My observation is that after Julie Bishop put her foot in her mouth about Super, both sides took Super off the table as a key issue. Reality is the proposed changes mainly effect the small %age of people who have large balances.

I reckon the Government will re-visit the contribution caps and raise the $500k cap on non-concessional contribs.

Laine
July 08, 2016

Everyone seems to have forgotten that over 300,000 part pensioners are getting a pay cut when the new assets test rules take effect in January 17. Some couples will lose over $13,000 of their income.

As this was a Liberal party policy, there would be a lot of backlash against the Libs from these people. This group represents about 2% of voters, and the effect of this policy on the election results may have been considerable. Probably at least as much as from the super reforms.

No-one asked whether the pension cuts affected the decision of voters in any survey or poll I have seen, the media has more or less ignored it from the time it was proposed.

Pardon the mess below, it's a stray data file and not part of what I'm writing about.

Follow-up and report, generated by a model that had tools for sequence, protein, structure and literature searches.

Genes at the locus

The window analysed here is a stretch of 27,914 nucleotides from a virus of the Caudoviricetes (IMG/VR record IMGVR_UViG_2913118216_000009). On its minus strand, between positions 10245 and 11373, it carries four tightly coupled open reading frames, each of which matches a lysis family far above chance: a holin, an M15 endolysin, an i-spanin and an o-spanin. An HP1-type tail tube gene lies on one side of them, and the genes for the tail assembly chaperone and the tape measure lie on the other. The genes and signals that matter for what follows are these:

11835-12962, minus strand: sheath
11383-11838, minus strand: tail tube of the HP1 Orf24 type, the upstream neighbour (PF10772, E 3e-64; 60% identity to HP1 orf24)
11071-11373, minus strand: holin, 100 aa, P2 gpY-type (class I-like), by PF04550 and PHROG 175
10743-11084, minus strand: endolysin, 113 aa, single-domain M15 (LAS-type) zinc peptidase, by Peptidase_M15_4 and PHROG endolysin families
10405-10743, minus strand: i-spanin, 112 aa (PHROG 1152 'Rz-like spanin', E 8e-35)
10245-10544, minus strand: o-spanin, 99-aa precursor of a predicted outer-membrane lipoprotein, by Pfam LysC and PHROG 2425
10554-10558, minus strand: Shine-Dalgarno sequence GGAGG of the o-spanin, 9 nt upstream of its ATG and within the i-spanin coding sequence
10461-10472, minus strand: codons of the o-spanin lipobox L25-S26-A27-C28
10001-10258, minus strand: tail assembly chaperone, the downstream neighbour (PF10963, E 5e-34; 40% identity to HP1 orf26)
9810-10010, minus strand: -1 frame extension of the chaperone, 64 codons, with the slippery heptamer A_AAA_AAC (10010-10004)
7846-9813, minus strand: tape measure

To put the cuts in perspective a couple with $850,000 will no longer get a government pension. If they put this amount into a cpi indexed lifetime annuity they will get around $26,000 per year in income. They still get no pension as the $850,000 is still considered an asset, although this will reduce slowly over their lifetime.

If they spent their $850,000 before they retired so they had no assets, or if they had never bothered to save in the first place, they would get around $34,000 in government pension.

Andrew Main
July 08, 2016

What haven't been considered in this discussion are the long term implications of the super changes.

While some of them are fair and necessary, there's a risk that if the changes are legislated, many savers will be discouraged from contributing to super and thus will end up more likely to be on a pension.

Not what the Budget needs, but in the political cycle that's over the horizon.

Graham Hand
July 08, 2016

Now over 400 votes, please keep them coming as this is likely to receive wide media coverage and the more responses, the better the sample.

Alex
July 08, 2016

Noticed in the exit polls that marginally more LABOR supporters say super was very important for their voting.

Bob G
July 08, 2016

Change was justified but many are swayed by exaggerated claims and fail to read and think clearly about the changes which were not unreasonable and very limited in their impact. Only the very wealthy plundering the system unfairly will be affected.

Graham Hand
July 08, 2016